Eleanor McBrien Lighouse


Don’t we often give more focus to what we are trying to achieve, than to the more important and difficult question of who are we trying to be?

Part of your planning for the new year might usefully reverse this and reflect on who you want to be in the context of your work.

First things first. Values.

Values are what you want to define you.

The result of your family and societal nurturing, they are what most matters to you.

There is so much great material on values. But my favourite has always been (and remains) the thinking of the incredible Dr. Steve Peters, most famous for The Chimp Paradox. More recently a client sent me the link to his appearance on the Steven Bartlett podcast linked below, and it is well worth listening to from start to finish. The brilliance of Peters is in rationalising complexity into something we can use for ourselves – it isn’t just for scientists. And part of his teaching is around what he calls the Human part of our mind (as opposed to the Computer and the Chimp). The Human (approximating to the thoughts emanating from your pre-frontal cortex) are our rational, thought -through, intentional musings on values and our sense of what we would like to be. To access who you want to be, access your values.

E215: The Mindset Doctor: The Secret Man Behind The World’s Top Performers: Steve Peters | The Diary Of A CEO with Steven Bartlett | Podcasts on Audible | Audible.co.uk

There are understandable reservations about over-subscribing to values. Even Barack Obama, who talked a lot about values, in an interview last year with LinkedIn Editor-in-Chief, Dan Roth, counselled against believing that work was all about values. Sometimes it has to be more about getting the work done and I’d agree (Barack will be delighted to hear). Life has an important just doing and collaboration side to it.

But… a dive into values will help you clarify what is most important to you, will help you make the right choices in the year to come.

Over many years, my amazing Alliance partner, Eleanor McBrien, has been developing a coaching model around intentional identity curation for our working lives. Eleanor McBrien’s Lighthouse model brilliantly steers you through a process of reflection and planning, and starts with values. I have been coached by Eleanor using the model, and the thinking I was able to do around values enabled me to then proceed with confidence to the next critical stage of the model:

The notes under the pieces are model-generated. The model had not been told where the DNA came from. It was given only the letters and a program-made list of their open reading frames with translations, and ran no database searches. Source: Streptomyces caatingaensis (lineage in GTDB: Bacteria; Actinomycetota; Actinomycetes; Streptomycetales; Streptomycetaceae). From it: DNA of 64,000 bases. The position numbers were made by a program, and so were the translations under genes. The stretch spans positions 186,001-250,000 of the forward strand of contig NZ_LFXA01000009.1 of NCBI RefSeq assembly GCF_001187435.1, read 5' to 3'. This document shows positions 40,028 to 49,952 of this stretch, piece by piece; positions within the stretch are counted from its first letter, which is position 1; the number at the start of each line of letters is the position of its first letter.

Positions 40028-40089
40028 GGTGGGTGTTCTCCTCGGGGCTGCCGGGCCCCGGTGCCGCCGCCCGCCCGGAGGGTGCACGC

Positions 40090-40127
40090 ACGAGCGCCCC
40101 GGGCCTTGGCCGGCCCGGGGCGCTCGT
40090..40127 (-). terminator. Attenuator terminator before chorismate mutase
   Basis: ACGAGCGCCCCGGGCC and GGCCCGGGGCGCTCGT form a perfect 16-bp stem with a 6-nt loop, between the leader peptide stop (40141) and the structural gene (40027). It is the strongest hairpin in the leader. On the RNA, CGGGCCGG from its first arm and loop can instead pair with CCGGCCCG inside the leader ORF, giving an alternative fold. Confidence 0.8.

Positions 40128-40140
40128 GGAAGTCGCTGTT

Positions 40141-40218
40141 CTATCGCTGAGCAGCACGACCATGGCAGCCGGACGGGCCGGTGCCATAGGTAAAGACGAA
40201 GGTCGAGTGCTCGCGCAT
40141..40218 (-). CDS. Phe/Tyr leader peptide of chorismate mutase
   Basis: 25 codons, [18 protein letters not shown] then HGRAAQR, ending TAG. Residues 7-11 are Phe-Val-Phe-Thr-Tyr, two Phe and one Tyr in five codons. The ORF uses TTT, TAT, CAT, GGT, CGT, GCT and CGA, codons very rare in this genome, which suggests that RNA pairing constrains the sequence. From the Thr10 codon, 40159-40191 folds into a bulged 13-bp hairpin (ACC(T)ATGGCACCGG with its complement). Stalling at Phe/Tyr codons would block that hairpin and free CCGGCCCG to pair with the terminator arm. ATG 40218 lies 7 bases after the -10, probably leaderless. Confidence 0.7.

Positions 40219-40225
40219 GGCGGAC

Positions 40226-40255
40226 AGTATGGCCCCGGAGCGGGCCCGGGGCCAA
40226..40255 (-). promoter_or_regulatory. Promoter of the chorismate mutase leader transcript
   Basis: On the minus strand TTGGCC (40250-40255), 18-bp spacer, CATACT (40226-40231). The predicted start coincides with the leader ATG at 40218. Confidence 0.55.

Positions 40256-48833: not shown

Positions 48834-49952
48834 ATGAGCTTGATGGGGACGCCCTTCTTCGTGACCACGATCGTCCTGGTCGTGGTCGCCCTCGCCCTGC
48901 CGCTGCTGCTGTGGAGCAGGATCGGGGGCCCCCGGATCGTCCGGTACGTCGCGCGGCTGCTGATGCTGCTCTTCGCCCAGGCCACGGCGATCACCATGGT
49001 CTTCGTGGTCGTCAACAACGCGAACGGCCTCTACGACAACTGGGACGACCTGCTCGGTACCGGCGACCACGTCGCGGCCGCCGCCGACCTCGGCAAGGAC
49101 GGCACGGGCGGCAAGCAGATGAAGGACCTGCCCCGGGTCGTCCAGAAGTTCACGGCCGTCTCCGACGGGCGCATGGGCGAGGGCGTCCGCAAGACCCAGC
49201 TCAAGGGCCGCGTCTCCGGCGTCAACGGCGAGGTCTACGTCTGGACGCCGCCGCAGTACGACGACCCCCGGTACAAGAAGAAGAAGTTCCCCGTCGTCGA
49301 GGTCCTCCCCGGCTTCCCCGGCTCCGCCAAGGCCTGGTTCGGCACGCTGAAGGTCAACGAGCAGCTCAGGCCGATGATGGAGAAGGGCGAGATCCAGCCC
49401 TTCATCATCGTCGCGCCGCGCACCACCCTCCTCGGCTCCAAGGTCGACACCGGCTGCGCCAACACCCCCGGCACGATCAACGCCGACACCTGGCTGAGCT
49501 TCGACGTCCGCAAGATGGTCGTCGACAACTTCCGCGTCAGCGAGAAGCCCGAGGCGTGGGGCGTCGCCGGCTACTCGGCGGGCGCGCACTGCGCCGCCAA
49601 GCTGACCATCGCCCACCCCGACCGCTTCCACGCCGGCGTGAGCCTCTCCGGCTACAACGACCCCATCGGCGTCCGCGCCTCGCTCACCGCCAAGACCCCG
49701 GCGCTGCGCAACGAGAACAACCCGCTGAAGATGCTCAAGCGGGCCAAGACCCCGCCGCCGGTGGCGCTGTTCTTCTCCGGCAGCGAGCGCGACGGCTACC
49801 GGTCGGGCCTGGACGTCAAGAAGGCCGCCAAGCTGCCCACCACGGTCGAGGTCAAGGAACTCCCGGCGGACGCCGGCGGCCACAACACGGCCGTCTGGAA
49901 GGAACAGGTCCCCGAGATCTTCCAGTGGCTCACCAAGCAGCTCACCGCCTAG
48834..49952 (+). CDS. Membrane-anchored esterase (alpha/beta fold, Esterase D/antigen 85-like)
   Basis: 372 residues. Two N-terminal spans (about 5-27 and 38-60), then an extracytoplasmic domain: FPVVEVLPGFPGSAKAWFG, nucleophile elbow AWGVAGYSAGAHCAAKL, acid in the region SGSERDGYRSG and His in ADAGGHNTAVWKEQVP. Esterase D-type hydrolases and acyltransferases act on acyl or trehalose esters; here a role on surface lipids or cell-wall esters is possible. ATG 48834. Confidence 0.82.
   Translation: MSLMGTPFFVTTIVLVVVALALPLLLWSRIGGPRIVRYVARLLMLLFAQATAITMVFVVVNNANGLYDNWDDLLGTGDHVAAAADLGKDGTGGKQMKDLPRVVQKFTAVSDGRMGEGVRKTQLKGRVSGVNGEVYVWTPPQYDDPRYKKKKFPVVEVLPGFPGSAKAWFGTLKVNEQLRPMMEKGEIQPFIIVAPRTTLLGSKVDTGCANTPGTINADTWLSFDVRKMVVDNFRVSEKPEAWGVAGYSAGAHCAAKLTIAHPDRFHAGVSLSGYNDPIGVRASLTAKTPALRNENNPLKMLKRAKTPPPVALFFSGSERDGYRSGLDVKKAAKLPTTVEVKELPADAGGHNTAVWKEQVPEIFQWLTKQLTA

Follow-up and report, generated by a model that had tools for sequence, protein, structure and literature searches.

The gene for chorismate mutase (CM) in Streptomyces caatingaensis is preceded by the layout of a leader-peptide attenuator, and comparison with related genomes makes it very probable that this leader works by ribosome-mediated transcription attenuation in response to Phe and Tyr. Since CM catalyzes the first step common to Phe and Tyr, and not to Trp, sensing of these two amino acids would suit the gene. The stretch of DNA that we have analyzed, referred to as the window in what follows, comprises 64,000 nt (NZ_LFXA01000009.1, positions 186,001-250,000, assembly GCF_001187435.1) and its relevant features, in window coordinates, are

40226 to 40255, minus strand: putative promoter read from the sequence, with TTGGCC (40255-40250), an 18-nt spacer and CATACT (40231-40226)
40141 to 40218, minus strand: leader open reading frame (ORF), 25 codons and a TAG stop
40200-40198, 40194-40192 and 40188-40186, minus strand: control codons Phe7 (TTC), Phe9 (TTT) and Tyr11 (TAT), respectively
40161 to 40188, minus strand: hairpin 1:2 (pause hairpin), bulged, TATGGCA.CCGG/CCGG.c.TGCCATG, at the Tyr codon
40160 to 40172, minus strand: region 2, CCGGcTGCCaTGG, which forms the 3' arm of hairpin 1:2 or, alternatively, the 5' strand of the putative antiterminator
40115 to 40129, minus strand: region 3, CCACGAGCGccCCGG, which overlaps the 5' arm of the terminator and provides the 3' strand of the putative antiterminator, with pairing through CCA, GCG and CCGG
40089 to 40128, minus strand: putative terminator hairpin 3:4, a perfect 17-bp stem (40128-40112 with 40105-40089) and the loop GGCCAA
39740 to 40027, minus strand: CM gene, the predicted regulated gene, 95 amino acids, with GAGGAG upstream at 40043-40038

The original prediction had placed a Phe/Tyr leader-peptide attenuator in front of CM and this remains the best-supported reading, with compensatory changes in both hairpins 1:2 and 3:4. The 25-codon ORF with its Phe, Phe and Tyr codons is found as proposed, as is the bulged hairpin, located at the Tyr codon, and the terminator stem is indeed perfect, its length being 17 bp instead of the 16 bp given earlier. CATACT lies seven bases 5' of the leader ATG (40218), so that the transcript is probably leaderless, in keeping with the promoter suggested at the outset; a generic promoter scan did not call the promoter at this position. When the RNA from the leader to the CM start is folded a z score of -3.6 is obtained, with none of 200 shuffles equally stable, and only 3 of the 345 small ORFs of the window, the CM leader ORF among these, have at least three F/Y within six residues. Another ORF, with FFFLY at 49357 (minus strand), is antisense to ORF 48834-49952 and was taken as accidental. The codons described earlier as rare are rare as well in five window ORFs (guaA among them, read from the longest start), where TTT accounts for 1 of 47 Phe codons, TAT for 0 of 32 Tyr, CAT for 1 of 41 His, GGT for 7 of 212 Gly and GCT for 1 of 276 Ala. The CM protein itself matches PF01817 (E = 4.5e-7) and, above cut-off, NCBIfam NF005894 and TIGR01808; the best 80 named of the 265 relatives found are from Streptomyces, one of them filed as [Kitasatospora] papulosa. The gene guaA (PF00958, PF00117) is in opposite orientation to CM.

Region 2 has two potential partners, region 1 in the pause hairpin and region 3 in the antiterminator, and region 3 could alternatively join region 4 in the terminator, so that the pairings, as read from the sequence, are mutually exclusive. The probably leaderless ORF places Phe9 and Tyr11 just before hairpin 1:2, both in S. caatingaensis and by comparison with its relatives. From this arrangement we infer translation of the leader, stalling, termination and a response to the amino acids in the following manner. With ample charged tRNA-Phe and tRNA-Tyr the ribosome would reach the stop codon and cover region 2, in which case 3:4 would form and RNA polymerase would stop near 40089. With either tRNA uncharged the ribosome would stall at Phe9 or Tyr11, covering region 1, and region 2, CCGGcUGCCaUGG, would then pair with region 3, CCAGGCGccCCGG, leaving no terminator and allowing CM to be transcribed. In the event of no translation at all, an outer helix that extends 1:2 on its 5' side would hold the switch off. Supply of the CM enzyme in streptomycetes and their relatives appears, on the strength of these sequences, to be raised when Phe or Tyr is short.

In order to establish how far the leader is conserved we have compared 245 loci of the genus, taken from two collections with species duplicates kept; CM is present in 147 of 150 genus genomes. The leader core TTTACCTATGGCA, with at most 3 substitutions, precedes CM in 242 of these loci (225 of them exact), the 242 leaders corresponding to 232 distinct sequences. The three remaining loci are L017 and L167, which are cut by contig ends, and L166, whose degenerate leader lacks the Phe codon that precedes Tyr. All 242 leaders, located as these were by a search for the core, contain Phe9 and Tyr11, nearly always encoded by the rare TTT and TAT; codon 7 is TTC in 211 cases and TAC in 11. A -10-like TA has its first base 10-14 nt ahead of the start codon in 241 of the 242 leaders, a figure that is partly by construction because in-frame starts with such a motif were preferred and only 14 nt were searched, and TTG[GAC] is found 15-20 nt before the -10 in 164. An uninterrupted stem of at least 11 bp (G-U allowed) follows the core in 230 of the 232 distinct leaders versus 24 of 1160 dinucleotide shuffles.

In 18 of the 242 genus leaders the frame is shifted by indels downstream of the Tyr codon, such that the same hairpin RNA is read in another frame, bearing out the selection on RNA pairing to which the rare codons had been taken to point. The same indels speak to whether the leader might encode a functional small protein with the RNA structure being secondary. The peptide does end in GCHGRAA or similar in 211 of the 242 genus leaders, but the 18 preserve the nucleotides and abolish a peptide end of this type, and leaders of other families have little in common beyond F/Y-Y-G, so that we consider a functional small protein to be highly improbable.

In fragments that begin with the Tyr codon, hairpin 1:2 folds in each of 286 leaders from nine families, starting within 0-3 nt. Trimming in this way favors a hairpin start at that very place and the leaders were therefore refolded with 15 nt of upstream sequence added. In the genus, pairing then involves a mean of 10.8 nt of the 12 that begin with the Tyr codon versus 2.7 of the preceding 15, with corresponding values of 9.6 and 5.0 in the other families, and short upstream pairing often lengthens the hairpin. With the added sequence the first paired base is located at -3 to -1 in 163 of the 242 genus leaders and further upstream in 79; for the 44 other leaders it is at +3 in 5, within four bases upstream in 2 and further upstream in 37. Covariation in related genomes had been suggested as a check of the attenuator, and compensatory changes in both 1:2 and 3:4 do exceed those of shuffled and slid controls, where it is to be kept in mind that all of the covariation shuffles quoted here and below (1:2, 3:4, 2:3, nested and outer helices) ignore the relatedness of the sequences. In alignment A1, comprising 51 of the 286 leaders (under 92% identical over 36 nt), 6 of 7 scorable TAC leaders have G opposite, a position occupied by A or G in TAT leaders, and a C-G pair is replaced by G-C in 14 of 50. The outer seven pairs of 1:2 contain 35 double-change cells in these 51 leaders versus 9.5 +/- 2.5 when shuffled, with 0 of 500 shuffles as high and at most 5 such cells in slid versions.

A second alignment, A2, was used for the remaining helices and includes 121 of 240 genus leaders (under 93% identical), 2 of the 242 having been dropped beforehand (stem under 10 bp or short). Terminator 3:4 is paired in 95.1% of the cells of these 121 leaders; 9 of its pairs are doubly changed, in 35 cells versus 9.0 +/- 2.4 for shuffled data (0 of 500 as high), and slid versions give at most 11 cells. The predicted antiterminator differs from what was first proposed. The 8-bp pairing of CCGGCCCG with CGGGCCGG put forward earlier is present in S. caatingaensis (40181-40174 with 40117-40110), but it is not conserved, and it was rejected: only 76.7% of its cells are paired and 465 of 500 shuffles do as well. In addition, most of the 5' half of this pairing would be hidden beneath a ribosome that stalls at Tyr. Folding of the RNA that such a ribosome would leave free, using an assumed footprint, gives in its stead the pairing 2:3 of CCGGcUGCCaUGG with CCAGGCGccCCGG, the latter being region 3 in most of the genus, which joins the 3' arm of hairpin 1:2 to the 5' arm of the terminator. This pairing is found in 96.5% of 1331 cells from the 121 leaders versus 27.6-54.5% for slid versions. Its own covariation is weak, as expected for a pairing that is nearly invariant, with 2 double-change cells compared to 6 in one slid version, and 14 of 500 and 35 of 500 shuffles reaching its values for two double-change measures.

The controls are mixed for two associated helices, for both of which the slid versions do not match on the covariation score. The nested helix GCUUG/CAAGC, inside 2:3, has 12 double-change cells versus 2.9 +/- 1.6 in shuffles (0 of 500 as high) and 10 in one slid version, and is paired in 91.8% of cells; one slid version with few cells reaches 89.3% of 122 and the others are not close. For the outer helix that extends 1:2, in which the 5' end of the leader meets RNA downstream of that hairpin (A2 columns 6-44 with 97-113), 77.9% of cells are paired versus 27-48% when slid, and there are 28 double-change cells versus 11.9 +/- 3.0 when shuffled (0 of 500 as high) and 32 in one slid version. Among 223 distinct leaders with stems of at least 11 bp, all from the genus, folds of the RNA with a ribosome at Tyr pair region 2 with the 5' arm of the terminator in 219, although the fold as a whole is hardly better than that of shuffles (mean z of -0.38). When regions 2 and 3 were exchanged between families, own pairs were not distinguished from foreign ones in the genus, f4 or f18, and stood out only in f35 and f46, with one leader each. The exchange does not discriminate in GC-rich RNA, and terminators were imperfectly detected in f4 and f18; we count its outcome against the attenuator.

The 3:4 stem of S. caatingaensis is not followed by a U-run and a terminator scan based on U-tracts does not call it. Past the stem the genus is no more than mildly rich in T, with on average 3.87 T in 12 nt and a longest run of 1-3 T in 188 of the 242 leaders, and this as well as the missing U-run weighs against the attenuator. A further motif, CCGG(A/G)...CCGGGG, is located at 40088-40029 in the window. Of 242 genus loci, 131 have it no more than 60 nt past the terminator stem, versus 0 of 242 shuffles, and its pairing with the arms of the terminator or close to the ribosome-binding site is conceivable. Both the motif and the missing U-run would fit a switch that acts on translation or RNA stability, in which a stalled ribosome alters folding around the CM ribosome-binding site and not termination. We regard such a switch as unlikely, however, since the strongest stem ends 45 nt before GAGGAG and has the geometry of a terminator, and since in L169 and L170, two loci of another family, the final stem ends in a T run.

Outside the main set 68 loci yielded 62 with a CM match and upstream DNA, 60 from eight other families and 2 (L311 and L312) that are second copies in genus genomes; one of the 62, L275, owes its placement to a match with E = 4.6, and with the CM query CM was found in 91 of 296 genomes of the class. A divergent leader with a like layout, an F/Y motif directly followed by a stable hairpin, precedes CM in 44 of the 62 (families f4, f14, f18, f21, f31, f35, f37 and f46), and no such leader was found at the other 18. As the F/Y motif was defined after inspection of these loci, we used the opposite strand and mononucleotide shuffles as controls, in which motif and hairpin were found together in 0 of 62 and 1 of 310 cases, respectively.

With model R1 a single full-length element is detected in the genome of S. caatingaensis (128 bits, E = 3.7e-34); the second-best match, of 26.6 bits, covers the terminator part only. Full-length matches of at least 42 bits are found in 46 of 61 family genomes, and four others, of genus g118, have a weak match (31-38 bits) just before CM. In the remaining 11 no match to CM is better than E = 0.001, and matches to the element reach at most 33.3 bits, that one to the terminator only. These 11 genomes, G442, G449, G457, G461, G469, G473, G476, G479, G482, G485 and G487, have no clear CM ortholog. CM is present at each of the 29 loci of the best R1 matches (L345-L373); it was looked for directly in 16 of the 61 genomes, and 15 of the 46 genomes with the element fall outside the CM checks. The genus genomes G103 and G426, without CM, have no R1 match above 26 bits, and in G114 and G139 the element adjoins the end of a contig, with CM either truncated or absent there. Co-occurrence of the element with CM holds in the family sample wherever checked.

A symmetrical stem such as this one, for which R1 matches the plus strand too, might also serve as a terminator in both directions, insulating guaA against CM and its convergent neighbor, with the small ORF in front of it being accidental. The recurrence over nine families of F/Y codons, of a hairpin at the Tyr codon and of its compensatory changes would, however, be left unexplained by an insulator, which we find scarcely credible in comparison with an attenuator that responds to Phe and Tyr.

How do you want to be?

Not Who. How. This transports the theory of values to the reality of your behaviours. It takes your thinking to choices, actions and commitment.

How do people see you?

And if you want to change how people see you, to be perceived in a way more congruent with your values, what behaviours exude this aspirational identity, and what behaviours should be avoided? What should be your personal Lighthouse?

To illustrate:

Do you want to be seen as rigorous, brave and fair, perhaps? If so what are the behaviours associated with creating that working identity? And what might you be doing that blurs the picture? How do you become seen more consistently as rigorous, brave and fair?

Or perhaps you want to be inspiring, creative and compassionate? Again, what behaviours must you nurture to be seen in this way by your colleagues? What choices will you make?

Have a go when you are planning your year. Brene Brown has a neat list of values online. Start there and work through to what behaviours might need to be maintained (celebrated), dialled down, dialled up. Dare to Lead | List of Values – Brené Brown (brenebrown.com). Create a plan.

And/or talk to any of us at The Alliance. This can be a difficult exercise and coaching can help make it easier and support you in making the necessary commitments. It is an ideal process for any new leader, for anybody who is looking to build a clearer identity at work.

Find Eleanor at Eleanor McBrien | The Alliance